Local home improvement businesses: Plan projects ahead, order now | News, Sports, Jobs

Dewalt Greenhouse in Collomsville. KAREN VIBERT-KENNEDY/Sun-Gazette

With May knocking on our doors and the promise of consistently warmer weather, homeowners thoughts are turning to that project they have been waiting to begin in and around their property.

Words of caution: Don’t wait! Businesses are eager to supply your home improvement needs, but planning in advance is advisable.

Dave Hornberger, owner of East End Lumber Co., 544 E. Third St., said anyone looking at a project this year should begin now. Because of the pandemic, there could be some supply chain difficulties and it may take longer to get certain products in stock, he said.

Although it presents challenges for East End’s retail and contracting business, Hornberger said consumers need to realize that “it’s not us.”

“It’s supply and demand. It’s lower production rates because of the factories being at lower capacity with employees. It’s just a snowball effect. The lead times for everything are stretched way out,” he said.

Local home improvement businesses: Plan projects ahead, order now | News, Sports, Jobs

Chris Yacko, general manager of East End Lumber store, works in the Willliamsport store.KAREN VIBERT-KENNEDY/Sun-Gazette

Even with the slower times, Hornberger wanted people to know that the important thing to remember is to think ahead and be patient, the product will be coming.

“People think, ‘Well, maybe in the fall I’ll put windows in the house.’ Now is the time to get them ordered so that they’re here and ready for the fall,” he said.

Likewise, Sonnette Harris, who along with Dwight Harris owns Bill’s Appliance Center, 2098 Lycoming Creek Road, said availability has become an issue that all businesses have struggled with over the past year.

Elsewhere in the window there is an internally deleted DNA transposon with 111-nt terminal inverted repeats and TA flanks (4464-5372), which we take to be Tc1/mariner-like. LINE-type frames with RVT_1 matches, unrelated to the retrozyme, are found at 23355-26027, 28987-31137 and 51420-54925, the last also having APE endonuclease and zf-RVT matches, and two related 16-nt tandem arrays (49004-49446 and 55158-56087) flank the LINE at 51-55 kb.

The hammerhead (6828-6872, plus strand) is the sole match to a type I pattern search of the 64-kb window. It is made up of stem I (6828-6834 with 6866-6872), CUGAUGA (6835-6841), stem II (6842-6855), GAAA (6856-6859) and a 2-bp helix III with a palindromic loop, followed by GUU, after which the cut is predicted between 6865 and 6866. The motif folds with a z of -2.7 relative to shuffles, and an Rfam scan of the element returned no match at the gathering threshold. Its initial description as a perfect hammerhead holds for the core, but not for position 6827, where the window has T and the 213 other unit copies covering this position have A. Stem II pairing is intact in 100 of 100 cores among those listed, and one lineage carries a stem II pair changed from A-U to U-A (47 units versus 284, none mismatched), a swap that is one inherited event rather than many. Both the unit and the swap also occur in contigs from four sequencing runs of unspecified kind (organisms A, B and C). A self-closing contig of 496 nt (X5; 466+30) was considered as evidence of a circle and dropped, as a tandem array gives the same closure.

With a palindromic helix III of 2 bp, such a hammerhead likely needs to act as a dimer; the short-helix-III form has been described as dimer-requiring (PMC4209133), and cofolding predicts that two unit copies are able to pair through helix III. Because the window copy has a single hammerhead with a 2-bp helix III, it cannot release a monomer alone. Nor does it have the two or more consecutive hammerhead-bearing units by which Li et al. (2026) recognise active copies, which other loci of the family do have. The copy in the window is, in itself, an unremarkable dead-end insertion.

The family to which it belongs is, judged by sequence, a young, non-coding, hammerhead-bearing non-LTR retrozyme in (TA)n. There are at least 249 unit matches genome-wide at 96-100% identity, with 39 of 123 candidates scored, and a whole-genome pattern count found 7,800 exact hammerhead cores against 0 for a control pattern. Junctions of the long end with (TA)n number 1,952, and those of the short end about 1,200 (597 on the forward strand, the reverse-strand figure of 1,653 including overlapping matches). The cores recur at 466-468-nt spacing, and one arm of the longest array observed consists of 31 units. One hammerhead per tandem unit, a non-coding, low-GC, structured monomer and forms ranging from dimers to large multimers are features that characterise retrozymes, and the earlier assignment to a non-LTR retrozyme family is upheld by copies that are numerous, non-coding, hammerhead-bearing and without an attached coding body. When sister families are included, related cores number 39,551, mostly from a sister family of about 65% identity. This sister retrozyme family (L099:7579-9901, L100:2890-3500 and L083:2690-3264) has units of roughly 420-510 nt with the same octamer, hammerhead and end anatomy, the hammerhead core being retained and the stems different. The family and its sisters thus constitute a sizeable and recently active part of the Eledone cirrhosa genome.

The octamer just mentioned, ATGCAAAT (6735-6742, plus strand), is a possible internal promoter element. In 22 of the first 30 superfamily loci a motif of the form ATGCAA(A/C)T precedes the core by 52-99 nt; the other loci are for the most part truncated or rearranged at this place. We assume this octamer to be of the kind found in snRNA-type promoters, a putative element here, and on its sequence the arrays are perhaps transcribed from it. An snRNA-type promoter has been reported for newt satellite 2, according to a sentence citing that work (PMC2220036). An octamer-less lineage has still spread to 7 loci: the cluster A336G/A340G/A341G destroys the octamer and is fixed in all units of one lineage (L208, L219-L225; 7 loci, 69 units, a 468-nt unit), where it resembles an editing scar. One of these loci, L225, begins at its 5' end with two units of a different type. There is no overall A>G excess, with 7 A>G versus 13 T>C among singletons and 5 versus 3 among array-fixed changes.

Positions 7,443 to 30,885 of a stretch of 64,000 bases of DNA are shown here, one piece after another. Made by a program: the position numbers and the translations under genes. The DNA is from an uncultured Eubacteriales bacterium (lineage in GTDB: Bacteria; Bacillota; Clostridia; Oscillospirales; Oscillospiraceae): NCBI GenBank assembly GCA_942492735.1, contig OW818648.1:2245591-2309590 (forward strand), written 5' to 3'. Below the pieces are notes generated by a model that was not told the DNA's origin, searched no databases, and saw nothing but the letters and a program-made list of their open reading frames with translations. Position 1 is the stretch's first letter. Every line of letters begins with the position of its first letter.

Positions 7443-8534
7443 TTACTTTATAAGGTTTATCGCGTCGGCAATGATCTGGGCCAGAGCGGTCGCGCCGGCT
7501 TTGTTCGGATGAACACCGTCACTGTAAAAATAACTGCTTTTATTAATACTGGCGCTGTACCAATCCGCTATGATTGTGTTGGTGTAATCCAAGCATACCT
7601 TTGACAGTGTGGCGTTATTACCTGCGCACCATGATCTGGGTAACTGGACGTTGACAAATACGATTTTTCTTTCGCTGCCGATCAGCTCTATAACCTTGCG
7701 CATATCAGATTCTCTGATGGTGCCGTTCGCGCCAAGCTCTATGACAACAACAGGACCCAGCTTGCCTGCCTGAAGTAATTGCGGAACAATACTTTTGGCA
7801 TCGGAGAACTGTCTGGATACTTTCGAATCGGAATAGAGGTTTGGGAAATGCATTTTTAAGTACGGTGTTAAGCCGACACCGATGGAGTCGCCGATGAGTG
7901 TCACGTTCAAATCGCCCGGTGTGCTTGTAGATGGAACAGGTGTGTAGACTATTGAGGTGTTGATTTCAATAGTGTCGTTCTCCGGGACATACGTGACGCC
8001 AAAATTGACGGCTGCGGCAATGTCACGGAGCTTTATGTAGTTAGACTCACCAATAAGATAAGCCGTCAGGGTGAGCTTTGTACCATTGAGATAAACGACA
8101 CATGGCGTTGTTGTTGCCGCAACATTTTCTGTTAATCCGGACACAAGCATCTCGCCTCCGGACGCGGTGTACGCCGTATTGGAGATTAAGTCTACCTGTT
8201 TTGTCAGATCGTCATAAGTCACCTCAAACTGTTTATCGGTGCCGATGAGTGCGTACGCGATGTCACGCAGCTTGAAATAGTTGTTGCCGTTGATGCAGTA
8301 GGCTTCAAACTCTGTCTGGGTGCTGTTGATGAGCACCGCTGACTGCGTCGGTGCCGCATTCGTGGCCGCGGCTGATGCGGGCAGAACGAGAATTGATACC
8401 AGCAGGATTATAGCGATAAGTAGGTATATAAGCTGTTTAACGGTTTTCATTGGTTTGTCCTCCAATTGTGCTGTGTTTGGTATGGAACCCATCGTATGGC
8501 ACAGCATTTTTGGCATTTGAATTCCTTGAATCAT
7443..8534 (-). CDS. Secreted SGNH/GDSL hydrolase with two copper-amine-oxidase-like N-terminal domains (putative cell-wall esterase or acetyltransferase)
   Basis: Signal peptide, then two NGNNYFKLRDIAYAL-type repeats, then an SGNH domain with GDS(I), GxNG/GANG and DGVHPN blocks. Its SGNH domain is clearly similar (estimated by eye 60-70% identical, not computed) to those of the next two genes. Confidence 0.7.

“It’s getting a little better at times,” she said, adding that Bill’s will work with the customer to see that the order is fulfilled.

“We order and then if it’s a partial order that comes in, we can always warehouse. If you’re doing a kitchen remodel, like appliances, maybe some come quickly and some have to be backordered. We work with them in the warehouse until the order is complete,” she said.

Family-owned for 50 years, Bill’s offers major appliances for the homeowner and attributes their success to the service they offer.

“Top of the list is the service we do after the sale,” Sonnette Harris said. “And then, our people are knowledgeable about the products. If you need help with what you want, such as if it’s going to fit, if it’s going to do what you want, we do our best to help.”

Like other businesses, Elery W. Nau Inc., 917 Broad St., Montoursville, has seen an interest in customers seeking to improve their properties, particularly in the lawn and garden side, according to owner Gary Oechler.

“We have seen a big jump of people with interests because they’re staying home, or people planting and taking care of what they have,” he said, adding that Nau’s is ready and has stocked up to meet customers’ needs this spring.